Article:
Top Baseball Prospects for 2015
Now updated for 2015's Top Prospects
Scouting Book's Top Prospects list is a Combined List, a calculated summary of the overall valuations of the entire prospect universe.
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A sixth round selection by the O's in 2011, catcher and third baseman Nick Delmonico probably had the best pure power bat in the Baltimore system at draft time, and he's shown flashes of that power already in pro ball. The best indicator for possible future success comes not from seeing his legit power, however, but in noticing that his success in high school came mainly on the strength of patience and selectivity at the plate: if that kind of discipline can be nurtured in pro ball, he could be a very powerful offensive force indeed. Now a Brewer thanks to the shrewd dumping of Francisco Rodriguez in mid-2013, he'll continue to develop in another system known for sharpening young hitters.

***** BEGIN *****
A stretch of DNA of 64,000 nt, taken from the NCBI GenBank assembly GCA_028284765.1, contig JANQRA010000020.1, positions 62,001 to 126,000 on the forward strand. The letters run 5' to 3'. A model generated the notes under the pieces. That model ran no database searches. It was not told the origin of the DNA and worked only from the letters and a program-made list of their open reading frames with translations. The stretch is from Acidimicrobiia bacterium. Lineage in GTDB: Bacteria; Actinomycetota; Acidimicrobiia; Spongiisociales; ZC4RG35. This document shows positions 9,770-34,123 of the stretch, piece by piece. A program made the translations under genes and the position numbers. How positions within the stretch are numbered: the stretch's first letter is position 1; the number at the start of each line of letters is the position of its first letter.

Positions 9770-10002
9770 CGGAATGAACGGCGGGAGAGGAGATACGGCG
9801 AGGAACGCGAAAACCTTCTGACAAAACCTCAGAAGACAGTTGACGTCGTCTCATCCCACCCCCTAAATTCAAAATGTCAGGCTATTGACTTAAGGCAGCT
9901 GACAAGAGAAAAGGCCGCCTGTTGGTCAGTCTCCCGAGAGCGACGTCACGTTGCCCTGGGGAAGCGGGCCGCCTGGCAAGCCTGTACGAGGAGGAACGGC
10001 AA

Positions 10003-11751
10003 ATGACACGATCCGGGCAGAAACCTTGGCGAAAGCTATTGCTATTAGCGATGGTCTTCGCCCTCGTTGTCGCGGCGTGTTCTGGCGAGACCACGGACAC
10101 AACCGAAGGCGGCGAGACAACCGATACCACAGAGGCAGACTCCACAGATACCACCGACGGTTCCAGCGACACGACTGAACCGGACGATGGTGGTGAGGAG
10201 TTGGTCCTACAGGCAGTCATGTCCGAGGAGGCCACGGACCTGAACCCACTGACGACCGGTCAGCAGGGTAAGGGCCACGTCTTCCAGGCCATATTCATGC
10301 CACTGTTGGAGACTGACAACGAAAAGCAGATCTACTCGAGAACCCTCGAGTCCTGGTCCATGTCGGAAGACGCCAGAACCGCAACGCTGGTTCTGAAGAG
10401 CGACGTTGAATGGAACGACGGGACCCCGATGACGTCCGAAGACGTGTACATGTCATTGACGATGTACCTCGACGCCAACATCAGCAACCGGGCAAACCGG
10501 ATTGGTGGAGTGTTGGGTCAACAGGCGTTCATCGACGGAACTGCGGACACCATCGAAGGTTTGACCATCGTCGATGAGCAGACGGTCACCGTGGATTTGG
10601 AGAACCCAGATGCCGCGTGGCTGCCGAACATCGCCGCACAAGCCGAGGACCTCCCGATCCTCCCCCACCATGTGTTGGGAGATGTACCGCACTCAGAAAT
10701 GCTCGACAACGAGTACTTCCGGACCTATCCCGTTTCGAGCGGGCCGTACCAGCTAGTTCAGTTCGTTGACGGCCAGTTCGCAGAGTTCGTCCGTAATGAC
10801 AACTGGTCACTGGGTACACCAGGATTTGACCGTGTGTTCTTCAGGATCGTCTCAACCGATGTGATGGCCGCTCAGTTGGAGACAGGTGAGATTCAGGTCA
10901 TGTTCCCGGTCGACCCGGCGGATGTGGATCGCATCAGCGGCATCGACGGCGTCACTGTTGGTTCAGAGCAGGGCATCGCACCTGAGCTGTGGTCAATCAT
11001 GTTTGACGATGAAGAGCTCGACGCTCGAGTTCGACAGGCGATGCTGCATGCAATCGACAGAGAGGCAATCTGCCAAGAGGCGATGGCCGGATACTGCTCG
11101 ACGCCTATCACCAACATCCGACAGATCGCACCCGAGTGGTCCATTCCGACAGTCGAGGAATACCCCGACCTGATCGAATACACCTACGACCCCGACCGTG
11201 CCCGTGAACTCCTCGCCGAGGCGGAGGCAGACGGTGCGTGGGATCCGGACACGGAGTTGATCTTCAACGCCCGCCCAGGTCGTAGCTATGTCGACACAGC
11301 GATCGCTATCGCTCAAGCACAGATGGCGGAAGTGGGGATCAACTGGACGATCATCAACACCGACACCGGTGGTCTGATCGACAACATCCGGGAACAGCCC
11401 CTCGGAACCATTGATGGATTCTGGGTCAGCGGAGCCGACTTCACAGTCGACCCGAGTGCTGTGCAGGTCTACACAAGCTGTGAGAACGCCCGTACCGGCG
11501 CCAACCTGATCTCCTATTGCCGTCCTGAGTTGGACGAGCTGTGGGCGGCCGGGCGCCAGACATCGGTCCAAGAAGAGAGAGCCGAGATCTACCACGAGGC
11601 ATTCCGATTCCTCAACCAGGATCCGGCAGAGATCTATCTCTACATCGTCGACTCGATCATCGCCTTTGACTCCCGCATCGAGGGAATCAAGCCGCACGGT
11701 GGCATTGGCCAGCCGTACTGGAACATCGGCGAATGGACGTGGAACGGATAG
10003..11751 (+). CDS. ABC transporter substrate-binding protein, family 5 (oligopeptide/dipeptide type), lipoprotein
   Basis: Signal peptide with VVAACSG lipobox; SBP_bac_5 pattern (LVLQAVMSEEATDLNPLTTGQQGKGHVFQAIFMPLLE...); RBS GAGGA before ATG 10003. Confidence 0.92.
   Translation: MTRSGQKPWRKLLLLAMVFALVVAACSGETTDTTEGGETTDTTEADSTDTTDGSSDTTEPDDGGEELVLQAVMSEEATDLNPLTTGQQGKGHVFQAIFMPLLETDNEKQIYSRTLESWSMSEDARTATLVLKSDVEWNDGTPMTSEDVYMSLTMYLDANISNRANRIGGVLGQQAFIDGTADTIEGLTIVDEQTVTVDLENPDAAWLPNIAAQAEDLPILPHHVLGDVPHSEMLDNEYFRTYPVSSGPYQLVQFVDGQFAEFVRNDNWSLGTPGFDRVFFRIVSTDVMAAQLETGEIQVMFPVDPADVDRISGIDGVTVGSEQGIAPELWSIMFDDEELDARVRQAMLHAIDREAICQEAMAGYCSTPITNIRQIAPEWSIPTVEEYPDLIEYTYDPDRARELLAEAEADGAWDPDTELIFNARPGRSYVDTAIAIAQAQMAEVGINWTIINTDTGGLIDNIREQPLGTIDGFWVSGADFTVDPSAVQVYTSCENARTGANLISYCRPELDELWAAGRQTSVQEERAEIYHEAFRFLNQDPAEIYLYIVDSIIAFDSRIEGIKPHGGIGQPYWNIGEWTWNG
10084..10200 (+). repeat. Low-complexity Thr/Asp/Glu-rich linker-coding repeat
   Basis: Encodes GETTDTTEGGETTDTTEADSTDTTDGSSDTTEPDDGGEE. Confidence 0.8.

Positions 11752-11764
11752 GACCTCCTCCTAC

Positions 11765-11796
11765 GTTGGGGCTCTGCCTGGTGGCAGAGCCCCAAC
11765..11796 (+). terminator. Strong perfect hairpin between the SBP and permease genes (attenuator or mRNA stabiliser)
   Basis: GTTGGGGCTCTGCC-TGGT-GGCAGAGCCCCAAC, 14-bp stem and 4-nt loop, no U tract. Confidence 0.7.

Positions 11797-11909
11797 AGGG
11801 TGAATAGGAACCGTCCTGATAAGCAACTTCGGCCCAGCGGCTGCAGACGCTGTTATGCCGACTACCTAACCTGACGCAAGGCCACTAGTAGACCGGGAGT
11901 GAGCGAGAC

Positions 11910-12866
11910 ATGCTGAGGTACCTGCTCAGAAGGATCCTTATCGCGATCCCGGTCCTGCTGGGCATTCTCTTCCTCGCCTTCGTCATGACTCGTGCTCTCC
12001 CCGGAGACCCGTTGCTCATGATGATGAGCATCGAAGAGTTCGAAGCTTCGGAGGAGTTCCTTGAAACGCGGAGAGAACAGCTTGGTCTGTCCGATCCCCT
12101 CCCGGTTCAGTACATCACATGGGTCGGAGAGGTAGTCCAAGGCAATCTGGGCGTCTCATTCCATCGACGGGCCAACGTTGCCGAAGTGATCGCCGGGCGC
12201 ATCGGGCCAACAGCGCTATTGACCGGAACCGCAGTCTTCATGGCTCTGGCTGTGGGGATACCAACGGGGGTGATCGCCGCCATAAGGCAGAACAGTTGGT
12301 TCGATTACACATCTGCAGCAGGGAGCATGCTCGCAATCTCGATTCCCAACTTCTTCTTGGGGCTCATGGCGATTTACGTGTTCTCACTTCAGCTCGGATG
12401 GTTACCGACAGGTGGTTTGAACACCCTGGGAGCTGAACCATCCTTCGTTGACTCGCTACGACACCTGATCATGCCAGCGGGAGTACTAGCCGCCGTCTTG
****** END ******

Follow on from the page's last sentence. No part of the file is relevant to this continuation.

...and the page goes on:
Full Scouting Report for Nick Delmonico
SB 151 BA SC BP SN ES ML
A headline acquisition as part of the trade of pitcher Matt Garza, Hak-Ju Lee is a big, powerful shortstop from Korea who's now prominently positioned in the Tampa Bay system. Already a polished hitter (.261/.336/.360 at AA Montgomery last year), Lee seems to have the footwork and arm to stick at shortstop, too, and he's shown improvement in the field every season. His 37 steals in 2012, a career best, is also a highlight worth remembering. As projected, he should get a shot at everyday Tampa life in 2013.
Full Scouting Report for Hak-Ju Lee
SB 152 BA SC BP SN ES 79 ML 84